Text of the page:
DiMatteo M, Hays R: The significance of patients' perceptions of physician conduct: a study of patient satisfaction in a family practice centre. J Community Health. 1980, 6: 18-31. 10.1007/BF01324054.
Lubeck D, Litwin MS, Henning J, Mathias S, Bloor L, Carroll P: An instrument to measure patient satisfaction with healthcare in an observational daatbase: Results of a validation study using data from CaPSURETM. Am J Manag Care. 2000, 6 (1): 70-76.
Centre NPCRaD: GPAQ - a patient questionnaire for general practice. 2010, http://www.gpaq.info/,
Waldstrom U, Rudman A: Intrapartum and postpartum care in Sweden: women's opinions and risk factors for not being satisfied. ACTA Obstetricia et Gynecologica. 2010, 85 (5): 551-560.
Cohen J: Statistical power analysis for behavioural sciences. 1988, New Jersey: Lawrence Erlbaum
Bolling K, Grant C, Hamlyn B, Thornton A: Infant feeding survey 2005. 2005, The information Centre for health and social care and the UK Health Departments
Horta B, Bahl R, Martines J, Victora C: Evidence on the long-term effects of breastfeeding: Systematic review and meta-analyses. 2007, World Health Organization
National Institute for Health and Clinical Excellence: http://www.nice.org.uk/nicemedia/pdf/CG37NICEguideline.pdf,
Fergerson S, Jamieson D, Lindsay M: Diagnosing postpartum depression: can we do better?. Obstet Gynecol. 2002, 186: 899-902. 10.1067/mob.2002.123404.
Webster J, Pritchard M, Linnane J, Roberts J, Hinson J, Starrenburg S: Postnatal depression: use of health services and satisfaction with health-care providers. J Qual Clin Pract. 2001, 21 (4): 144-148. 10.1046/j.1440-1762.2001.00432.x.
Headey B, Kelley J, Wearing A: Dimensions of mental health: life satisfaction, positive affect, anxiety and depression. Soc Indic Res. 1993, 29 (1): 63-82. 10.1007/BF01136197.
Peron J, Tamer SE, Grandjean D, Leray E, Travers D, Drapier D, Verin M, Millet B: Major depressive disorder skews the recognition of emotional prosody. Prog Neuro-Psychopharmacol Biol Psychiatry. 2011, 35 (4): 987-996. 10.1016/j.pnpbp.2011.01.019.
Sorlie T, Sexton HC, Busund R, Sorlie D: Predictors of satisfaction with surgical treatment. Int J Qual Health Care. 2000, 12 (1): 31-40. 10.1093/intqhc/12.1.31.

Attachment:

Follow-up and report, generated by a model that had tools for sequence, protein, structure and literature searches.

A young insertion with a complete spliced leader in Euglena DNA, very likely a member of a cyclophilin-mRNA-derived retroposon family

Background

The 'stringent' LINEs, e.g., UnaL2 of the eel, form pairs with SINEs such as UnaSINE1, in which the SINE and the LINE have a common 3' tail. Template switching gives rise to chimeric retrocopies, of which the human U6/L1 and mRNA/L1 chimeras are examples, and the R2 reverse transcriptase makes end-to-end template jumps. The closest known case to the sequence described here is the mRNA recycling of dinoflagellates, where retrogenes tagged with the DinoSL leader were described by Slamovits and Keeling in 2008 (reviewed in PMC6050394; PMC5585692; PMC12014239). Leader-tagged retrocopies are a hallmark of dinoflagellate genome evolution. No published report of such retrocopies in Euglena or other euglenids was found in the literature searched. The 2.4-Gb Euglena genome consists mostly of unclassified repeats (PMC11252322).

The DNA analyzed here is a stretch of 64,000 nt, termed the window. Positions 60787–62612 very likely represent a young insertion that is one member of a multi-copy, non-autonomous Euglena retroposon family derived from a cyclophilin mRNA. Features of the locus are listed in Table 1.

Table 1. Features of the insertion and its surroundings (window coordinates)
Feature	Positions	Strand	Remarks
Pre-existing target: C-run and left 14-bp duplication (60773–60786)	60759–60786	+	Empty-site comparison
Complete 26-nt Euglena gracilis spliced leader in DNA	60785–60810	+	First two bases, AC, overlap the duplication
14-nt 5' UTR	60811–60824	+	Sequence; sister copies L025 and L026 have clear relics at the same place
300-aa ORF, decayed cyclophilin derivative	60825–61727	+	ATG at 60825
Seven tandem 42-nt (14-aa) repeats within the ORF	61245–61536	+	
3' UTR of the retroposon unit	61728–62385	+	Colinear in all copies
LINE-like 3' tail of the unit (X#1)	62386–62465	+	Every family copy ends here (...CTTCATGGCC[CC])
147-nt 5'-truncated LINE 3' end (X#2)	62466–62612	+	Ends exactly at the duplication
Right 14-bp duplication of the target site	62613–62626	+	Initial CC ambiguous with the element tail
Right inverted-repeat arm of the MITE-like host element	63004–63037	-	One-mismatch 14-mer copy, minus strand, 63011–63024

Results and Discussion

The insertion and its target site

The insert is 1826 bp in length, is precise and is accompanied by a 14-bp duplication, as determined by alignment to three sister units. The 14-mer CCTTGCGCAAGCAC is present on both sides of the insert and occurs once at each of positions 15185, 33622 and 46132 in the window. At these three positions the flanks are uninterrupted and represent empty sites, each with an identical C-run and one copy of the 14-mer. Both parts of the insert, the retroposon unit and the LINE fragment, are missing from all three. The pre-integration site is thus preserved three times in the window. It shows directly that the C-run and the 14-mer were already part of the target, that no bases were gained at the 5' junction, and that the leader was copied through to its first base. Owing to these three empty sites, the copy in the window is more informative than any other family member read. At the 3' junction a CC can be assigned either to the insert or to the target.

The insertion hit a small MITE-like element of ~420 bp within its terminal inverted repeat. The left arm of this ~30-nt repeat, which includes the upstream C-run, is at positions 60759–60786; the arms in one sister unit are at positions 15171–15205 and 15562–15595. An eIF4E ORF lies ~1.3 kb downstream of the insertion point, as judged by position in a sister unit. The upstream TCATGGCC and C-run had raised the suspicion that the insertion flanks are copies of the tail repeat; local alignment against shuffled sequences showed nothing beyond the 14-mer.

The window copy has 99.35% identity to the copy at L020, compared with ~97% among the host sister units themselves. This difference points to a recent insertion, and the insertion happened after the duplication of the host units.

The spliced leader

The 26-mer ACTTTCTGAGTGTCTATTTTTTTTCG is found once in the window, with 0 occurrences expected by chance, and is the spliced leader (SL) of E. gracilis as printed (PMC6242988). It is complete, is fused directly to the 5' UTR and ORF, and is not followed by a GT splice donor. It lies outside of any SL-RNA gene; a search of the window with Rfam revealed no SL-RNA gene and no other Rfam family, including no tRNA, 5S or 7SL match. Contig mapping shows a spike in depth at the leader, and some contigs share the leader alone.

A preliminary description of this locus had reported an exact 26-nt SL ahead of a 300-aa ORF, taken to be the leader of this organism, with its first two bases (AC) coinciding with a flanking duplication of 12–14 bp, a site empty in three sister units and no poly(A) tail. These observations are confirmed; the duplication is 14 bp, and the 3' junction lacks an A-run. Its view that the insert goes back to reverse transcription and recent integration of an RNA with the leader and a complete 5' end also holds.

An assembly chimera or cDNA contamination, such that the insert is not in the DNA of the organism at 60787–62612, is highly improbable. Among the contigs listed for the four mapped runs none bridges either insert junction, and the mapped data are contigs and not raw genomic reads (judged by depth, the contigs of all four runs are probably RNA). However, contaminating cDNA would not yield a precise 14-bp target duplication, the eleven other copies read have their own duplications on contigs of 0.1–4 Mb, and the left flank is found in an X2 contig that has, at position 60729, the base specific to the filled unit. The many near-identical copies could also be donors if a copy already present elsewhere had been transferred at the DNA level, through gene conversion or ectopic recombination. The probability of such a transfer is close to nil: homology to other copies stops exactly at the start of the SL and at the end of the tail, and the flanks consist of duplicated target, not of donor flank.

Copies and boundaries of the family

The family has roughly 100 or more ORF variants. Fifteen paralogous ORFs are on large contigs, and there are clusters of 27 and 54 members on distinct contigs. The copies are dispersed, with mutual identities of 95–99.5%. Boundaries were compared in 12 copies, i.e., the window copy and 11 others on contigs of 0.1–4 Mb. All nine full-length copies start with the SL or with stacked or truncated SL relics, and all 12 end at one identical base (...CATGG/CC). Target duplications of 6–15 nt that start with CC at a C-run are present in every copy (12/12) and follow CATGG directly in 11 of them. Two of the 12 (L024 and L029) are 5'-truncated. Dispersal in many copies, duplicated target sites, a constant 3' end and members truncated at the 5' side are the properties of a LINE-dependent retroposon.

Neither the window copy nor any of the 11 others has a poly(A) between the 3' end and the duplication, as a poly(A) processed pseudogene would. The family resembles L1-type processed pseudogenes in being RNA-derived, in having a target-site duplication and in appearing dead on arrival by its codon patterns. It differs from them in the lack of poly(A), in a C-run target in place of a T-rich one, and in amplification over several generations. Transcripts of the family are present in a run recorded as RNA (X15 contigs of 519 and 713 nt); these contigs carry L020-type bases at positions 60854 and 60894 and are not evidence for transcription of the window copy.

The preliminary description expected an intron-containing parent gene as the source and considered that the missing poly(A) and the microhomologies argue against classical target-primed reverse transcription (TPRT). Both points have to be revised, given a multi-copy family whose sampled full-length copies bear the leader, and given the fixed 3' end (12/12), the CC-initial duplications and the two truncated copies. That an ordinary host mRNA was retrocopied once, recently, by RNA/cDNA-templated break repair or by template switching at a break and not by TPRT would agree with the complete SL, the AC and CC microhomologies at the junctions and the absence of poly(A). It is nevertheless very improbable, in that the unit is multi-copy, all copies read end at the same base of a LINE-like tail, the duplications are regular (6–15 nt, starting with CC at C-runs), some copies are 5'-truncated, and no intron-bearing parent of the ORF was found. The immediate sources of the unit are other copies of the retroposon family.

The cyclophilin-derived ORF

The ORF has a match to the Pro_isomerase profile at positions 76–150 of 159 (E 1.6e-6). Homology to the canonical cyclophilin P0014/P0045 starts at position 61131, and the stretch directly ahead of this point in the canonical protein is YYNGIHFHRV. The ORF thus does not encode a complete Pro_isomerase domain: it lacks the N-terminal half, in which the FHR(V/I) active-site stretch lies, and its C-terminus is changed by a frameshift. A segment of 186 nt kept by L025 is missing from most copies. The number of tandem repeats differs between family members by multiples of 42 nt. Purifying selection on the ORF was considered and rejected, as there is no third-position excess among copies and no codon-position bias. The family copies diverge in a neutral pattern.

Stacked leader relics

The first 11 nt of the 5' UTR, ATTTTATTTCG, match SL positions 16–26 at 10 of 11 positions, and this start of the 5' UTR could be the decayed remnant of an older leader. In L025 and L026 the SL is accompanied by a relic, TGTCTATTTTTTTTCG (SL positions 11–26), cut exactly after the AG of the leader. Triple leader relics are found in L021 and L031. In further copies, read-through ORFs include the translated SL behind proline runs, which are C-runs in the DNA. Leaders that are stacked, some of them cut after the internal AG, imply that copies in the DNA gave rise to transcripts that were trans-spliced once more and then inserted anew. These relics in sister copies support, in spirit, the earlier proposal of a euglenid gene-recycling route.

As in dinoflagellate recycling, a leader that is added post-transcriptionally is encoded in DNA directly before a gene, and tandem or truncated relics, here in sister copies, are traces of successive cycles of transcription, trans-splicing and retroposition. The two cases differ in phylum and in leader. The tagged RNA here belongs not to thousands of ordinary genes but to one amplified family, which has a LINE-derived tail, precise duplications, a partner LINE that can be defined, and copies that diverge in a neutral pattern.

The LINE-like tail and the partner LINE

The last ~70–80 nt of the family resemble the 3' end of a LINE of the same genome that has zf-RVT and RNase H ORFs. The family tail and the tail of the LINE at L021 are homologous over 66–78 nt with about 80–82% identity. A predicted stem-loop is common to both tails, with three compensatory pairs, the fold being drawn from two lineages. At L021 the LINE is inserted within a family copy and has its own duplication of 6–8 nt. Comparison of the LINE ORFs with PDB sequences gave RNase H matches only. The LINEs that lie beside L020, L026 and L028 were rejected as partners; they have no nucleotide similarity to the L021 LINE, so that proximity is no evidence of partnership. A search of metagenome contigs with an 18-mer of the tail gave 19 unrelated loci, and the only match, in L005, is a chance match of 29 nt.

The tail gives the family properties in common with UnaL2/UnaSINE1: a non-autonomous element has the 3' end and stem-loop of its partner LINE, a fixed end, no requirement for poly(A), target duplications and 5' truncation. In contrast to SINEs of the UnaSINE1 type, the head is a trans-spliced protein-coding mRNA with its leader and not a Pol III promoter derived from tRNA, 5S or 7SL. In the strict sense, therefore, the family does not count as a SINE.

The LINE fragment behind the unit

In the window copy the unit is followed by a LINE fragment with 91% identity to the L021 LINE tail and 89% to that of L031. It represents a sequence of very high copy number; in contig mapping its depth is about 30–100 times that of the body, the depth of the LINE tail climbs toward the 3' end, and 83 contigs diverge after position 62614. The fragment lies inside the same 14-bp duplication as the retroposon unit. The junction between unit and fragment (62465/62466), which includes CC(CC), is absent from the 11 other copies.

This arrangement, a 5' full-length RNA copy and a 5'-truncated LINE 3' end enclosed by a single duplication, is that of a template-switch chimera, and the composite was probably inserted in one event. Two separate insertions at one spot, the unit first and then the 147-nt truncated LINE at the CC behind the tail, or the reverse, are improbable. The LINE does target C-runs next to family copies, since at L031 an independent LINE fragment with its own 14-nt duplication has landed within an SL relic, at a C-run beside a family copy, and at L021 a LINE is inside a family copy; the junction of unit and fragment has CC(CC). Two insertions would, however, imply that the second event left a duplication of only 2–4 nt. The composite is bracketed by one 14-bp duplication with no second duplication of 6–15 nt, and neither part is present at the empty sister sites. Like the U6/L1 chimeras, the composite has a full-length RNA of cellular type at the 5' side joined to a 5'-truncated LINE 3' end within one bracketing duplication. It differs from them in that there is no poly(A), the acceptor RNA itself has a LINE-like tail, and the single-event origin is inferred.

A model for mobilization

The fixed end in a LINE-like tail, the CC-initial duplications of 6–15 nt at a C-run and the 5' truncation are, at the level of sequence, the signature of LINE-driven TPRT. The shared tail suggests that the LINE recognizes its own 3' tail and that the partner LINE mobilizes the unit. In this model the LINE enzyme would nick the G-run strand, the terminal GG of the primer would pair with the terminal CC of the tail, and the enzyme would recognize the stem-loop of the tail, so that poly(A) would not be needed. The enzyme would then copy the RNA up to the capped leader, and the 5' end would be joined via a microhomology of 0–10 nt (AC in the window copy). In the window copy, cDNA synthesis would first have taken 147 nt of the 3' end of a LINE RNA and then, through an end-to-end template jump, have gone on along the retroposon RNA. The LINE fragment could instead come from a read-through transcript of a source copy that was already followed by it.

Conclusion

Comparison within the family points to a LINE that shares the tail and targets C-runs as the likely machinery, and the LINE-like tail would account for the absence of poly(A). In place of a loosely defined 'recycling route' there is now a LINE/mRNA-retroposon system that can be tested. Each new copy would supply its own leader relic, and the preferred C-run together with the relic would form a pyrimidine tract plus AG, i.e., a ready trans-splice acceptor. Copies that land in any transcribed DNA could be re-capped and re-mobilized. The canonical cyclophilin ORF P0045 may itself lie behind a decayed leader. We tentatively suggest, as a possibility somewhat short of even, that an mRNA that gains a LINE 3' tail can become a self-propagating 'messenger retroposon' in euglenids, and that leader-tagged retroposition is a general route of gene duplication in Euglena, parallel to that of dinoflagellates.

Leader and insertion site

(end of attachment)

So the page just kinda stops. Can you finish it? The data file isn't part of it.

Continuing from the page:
Hendriks A, Smets E, Vrielink A, Es SV, Haes JD: Is personality a determinant of patient satisfaction with hospital care?. Int J Qual Health Care. 2006, 18 (2): 152-158.
Serbera E, Cronana T, Walena H: Predictors of patient satisfaction and health care costs for patients with fibromyalgia. Psychol Health. 2003, 18 (6): 771-787. 10.1080/0887044031000148237.
Piccolo LD, Haes HD, Heaven C, Jansen J, Verheul W, Bensing J, Bergvik S, Deveugele M, Eide H, Fletcher I, et al: Development of the Verona coding definitions of emotional sequences to code health providers' responses (VR-CoDES-P) to patient cues and concerns. Patient Educ Couns. 2011, 82: 149-155. 10.1016/j.pec.2010.02.024.
Berry D: Health communication: Theory and practice. 2007, Maidenhead: Open University Press, McGraw-Hill
Standards for pre-registration midwifery education. http://www.nmc-uk.org/Documents/Standards/nmcStandardsforPre_RegistrationMidwiferyEducation.pdf,
Thulier D, Mercer J: Variables associated with breastfeeding duration. J Obstet Gynecol Neonatal Nurs. 2009, 38: 259-268. 10.1111/j.1552-6909.2009.01021.x.
Saha S, Arbelaez J, Cooper L: Patient–Physician relationships and racial disparities in the quality of health care. Am J Public Health. 2003, 93 (10): 1713-1719. 10.2105/AJPH.93.10.1713.
The pre-publication history for this paper can be accessed here:http://www.biomedcentral.com/1471-2393/13/227/prepub
The authors are grateful for the assistance of the parent and baby groups and the websites who participated in the study. Thank you also to Dr Heather Whitford of Dundee University’s School of Nursing and Midwifery for her advice in designing this project.
Based on GPAQ-R* © 2013 which is reproduced with the kind permission of the University of Manchester & University of Cambridge.
The authors declare that they have no competing interests.
JM contributed substantially to the design of the study, carried out data collection and analysis and was primarily responsible for drafting the manuscript. AL was involved in designing the study and commented on drafts of the manuscript. Both authors read and approved the final manuscript.
Electronic supplementary material
Authors’ original submitted files for images
About this article
Cite this article
McLellan, J., Laidlaw, A. Perceptions of postnatal care: factors associated with primiparous mothers perceptions of postnatal communication and care. BMC Pregnancy Childbirth 13, 227 (2013). https://doi.org/10.1186/1471-2393-13-227
- Satisfaction with care